Despite the rejection by British Prime Minister David Cameron, a national poll reveals that majority of Brits are in favour of a sugar tax on foods with high sugar content as a way to fight obesity.
A Comres poll ended in results showing 54% of British respondents supporting a levvy on sugary foods and drinks, while the remaining 43& would be opposed. A total of 85 per cent of people suggested compulsory warning labels on food and drinks which are high in sugar are sorely needed, while 72 per cent supported legal maximums on the amount of sugar allowed in food and drinks to curb sugar intake in youths.
David Cameron has indeed mentioned that he would never be in favour of and legislate a sugar tax, even when the said report commissioned by his own government showed that the tax would be an effective way to combat obesity in Britain.
In addition to the aforementioned results, Public Health England (PHE) says the NHS could save £15 billion as well as nearly 80,000 lives from diet-based disease such as Diabetes, renal failure, hypertension, and heart failure, by curbing the hankering for sweet foods in the following generations from a very early age. The dossier reveals that today’s children consume as much as three times the recommended amount of sugar on a daily basis – a piddling 5% –, with adults faring just as badly.
The dossier continues to expound that such a sugar tax has shown to be effective in other countries, resulting in positive outcomes such as reducing the amount of soda drinks consumed by up to 25%.
PHE also has called for a complete removal of sweets, chocolates, and other sugary foods from supermarkets and other point-of-sale locations, where placing said treats may encourage a habit for shoppers to add the sweets as a last-minute decision in the total purchase off groceries. This suggestion has proved unpopular, with 52% of British respondents in opposition, and 46% in favour.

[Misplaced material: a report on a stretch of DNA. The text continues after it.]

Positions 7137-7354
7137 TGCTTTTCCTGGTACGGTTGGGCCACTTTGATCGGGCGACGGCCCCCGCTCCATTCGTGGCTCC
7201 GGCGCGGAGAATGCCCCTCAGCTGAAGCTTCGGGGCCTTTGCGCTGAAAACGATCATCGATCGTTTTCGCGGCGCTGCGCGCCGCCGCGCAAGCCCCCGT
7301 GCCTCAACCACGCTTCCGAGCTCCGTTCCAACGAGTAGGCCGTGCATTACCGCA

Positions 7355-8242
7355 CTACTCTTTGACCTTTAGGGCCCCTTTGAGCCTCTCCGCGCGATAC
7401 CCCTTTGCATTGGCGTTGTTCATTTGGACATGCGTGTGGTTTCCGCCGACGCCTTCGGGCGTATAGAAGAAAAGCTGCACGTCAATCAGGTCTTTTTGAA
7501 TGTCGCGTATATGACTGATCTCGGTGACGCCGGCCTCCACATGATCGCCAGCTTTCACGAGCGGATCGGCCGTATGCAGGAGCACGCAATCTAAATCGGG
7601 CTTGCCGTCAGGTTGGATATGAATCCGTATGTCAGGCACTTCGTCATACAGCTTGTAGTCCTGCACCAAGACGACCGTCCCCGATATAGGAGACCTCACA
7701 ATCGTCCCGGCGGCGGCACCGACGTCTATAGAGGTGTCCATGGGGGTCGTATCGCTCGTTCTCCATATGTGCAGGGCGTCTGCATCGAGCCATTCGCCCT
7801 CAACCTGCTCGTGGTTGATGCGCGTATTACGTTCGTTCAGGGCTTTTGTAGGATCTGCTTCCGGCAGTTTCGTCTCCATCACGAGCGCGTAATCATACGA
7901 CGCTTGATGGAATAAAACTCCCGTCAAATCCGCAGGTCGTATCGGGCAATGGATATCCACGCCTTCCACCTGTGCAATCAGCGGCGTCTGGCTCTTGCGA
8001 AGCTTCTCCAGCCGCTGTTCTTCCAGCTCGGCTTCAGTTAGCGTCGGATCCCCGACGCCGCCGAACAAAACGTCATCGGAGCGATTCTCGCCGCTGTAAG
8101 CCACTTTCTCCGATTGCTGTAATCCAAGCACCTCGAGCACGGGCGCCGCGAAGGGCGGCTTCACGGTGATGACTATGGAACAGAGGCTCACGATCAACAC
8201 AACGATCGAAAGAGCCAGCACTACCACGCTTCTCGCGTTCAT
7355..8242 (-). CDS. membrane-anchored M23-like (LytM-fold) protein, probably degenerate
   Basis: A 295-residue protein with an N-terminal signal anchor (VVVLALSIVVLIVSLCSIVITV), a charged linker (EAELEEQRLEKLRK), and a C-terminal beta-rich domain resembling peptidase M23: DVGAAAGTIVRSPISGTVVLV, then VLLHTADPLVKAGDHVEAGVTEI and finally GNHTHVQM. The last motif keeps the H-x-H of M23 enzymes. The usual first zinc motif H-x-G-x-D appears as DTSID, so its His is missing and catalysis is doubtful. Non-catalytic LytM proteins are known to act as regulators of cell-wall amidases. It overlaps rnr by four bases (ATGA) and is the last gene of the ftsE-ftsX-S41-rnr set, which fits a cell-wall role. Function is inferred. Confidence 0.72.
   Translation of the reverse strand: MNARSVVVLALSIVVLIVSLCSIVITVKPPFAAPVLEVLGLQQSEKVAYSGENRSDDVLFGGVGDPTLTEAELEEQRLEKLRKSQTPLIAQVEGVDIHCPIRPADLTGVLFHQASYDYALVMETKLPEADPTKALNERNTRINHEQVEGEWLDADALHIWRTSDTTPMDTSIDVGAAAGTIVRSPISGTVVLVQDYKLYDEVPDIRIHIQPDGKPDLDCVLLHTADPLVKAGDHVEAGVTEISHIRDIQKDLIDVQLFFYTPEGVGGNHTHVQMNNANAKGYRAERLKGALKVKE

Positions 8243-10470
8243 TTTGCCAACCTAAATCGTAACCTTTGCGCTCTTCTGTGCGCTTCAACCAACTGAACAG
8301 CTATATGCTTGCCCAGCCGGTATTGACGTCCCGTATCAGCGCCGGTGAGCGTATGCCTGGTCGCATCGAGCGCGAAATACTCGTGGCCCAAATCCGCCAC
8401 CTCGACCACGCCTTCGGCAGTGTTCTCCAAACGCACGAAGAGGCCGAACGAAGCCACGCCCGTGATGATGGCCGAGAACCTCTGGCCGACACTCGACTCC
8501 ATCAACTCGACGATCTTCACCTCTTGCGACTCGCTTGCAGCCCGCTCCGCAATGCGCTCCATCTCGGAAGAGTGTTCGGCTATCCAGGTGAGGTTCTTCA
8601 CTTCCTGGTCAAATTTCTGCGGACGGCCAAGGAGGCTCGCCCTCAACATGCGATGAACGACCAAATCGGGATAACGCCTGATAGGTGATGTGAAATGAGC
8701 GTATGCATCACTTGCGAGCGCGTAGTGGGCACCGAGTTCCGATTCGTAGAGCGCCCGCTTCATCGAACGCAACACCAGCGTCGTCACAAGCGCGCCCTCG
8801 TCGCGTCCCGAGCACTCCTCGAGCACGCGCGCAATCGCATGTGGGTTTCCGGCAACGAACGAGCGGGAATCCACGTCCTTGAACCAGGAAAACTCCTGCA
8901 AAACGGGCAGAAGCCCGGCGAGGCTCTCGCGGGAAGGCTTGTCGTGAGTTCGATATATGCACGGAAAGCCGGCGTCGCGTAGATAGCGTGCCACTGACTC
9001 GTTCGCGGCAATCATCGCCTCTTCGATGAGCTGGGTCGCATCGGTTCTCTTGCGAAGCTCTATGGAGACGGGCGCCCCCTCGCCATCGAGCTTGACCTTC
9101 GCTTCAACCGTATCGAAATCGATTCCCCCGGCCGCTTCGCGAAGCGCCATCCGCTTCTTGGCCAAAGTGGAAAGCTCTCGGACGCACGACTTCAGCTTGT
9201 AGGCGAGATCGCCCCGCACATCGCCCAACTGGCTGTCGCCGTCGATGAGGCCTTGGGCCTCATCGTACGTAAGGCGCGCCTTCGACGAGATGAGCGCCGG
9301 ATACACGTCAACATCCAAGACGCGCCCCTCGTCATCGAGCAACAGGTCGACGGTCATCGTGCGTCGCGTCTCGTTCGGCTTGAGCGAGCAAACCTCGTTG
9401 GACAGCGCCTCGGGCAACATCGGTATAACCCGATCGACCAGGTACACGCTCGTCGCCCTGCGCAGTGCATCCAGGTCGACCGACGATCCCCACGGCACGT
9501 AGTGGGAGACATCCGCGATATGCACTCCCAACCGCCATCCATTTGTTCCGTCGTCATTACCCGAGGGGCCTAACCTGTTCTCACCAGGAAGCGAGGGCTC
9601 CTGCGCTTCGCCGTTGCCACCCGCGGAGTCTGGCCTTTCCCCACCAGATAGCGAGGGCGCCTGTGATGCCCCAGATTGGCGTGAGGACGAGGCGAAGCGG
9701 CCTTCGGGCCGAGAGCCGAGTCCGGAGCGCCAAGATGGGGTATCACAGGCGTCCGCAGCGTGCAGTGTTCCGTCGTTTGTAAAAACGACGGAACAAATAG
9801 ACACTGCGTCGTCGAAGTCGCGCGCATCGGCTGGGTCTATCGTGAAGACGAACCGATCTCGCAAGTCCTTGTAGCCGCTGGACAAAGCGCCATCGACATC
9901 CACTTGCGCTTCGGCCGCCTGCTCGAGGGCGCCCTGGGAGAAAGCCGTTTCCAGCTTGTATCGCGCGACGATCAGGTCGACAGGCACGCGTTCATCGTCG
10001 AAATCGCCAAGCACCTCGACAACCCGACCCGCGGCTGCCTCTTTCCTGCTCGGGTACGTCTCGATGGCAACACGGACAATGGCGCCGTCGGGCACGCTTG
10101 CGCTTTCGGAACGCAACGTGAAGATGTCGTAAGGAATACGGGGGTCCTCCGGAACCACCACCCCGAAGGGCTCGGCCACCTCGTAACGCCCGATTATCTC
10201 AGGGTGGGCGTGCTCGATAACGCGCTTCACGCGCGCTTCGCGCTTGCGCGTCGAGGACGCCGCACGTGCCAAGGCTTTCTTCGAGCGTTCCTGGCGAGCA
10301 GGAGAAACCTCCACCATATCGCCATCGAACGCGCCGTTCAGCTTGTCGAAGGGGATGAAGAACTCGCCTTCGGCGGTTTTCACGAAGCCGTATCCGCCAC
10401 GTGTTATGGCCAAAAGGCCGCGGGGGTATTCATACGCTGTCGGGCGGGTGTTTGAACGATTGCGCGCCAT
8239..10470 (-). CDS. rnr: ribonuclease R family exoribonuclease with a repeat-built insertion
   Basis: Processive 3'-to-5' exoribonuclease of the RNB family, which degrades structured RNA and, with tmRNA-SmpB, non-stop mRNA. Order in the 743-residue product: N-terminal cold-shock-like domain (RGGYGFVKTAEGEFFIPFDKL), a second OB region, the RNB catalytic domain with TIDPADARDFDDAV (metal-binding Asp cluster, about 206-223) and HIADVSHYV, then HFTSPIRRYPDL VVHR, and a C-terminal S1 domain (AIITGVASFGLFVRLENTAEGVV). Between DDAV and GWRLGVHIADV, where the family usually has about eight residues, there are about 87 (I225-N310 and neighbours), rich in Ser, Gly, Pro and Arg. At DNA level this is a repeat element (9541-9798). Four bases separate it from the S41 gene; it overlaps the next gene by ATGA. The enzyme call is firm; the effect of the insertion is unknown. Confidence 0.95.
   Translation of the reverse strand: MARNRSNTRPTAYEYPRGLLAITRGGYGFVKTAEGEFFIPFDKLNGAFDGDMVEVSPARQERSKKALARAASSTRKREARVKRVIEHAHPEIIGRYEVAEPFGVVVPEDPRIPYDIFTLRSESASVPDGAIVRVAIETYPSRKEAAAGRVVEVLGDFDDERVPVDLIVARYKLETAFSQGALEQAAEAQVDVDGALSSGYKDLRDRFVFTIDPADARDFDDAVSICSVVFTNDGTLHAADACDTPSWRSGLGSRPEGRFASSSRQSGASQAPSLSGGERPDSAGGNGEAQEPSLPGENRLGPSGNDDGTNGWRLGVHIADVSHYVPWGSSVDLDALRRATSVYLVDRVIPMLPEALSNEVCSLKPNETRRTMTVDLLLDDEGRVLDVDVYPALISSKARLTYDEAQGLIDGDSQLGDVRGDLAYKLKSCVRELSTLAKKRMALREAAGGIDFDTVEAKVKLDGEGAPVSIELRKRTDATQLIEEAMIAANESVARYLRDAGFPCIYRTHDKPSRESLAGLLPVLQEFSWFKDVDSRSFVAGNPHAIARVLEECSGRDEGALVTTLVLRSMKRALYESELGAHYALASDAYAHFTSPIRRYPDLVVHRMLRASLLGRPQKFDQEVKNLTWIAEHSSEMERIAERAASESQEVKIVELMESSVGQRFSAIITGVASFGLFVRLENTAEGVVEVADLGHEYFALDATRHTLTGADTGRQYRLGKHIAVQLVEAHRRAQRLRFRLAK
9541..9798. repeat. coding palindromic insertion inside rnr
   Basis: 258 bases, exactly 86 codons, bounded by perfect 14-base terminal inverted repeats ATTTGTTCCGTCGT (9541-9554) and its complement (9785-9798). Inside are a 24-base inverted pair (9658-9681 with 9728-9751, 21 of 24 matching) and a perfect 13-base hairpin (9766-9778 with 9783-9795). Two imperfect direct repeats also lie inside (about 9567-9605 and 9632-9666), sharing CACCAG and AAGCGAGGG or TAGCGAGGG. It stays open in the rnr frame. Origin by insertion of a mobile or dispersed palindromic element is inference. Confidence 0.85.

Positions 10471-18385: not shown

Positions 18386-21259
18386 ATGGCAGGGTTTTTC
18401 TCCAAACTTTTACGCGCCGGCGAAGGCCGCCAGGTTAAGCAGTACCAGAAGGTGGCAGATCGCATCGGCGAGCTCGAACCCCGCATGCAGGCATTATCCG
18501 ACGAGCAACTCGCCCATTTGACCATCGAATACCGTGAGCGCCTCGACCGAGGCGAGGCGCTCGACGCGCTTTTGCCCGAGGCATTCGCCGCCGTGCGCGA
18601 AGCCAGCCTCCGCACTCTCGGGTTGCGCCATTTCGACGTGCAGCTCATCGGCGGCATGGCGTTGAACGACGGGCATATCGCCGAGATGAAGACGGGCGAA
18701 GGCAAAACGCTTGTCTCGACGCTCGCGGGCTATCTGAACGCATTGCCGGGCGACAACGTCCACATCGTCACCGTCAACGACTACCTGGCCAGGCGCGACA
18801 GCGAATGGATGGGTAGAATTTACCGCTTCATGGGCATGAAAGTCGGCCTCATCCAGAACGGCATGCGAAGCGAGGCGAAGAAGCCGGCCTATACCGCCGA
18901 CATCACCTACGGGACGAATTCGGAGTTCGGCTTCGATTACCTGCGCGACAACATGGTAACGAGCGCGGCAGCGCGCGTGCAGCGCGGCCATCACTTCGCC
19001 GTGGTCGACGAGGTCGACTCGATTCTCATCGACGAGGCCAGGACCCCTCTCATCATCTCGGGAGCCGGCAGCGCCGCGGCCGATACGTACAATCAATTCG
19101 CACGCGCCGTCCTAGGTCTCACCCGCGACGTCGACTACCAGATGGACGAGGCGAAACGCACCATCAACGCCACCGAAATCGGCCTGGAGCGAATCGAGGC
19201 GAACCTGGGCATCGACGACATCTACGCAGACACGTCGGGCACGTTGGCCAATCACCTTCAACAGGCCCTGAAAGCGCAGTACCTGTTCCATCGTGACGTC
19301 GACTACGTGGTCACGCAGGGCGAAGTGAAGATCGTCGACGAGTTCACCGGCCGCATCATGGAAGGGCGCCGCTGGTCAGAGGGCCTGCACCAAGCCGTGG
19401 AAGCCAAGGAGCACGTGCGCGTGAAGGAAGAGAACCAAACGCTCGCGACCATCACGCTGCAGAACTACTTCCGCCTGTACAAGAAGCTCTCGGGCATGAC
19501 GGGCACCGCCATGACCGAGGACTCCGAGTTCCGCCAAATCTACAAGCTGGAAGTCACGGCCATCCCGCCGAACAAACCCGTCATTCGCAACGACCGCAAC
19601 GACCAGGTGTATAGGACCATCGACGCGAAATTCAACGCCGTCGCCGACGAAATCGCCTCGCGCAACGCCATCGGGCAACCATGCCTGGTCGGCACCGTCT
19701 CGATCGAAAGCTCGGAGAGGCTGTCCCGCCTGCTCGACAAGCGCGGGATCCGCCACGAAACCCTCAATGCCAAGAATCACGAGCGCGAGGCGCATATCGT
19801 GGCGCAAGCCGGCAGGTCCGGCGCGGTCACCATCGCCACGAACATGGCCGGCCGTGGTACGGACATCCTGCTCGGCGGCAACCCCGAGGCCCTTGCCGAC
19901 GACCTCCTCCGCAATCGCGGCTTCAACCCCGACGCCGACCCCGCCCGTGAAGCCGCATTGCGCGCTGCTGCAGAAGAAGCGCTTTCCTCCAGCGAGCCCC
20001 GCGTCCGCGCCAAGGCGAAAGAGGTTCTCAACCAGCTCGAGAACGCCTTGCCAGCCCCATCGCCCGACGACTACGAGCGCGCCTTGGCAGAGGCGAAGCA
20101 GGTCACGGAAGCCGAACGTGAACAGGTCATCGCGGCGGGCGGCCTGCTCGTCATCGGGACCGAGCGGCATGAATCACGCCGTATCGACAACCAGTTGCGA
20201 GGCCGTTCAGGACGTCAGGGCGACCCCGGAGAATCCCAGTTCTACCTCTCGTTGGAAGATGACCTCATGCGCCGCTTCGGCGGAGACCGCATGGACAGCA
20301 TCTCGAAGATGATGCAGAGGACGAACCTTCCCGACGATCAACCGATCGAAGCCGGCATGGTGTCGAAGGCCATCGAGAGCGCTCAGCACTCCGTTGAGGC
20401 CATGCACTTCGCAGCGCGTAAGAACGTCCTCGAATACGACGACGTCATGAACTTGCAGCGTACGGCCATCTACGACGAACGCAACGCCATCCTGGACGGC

Meanwhile, Cameron still has to read the report on British obesity and its links to sugar. However, he has shown interest in pushing forward other proposals with the same goal in mind, such as restricting advertising on sugar foods and beverages.
The report was suddenly published on Thursday afternoon, amid mounting criticism and questioning of the ministers’ refusal to allow its distribution into the public domain. Until now, the Health Secretary had refused to publish the findings, originally due for publication last July, with the promise that they would be released alongside a forthcoming childhood obesity strategy.
On the other hand, certain doctors have begun questioning the efficacy of such bans in the fight against obesity. Dr Alison Tedstone, PHE chief nutritionist, criticized a number of new rules set in place to dissuade children from eating sugary foods, from banning cartoon characters and mascots used on packaging, to using “advergames” , or advertisements couched as games on social media used to appeal to children.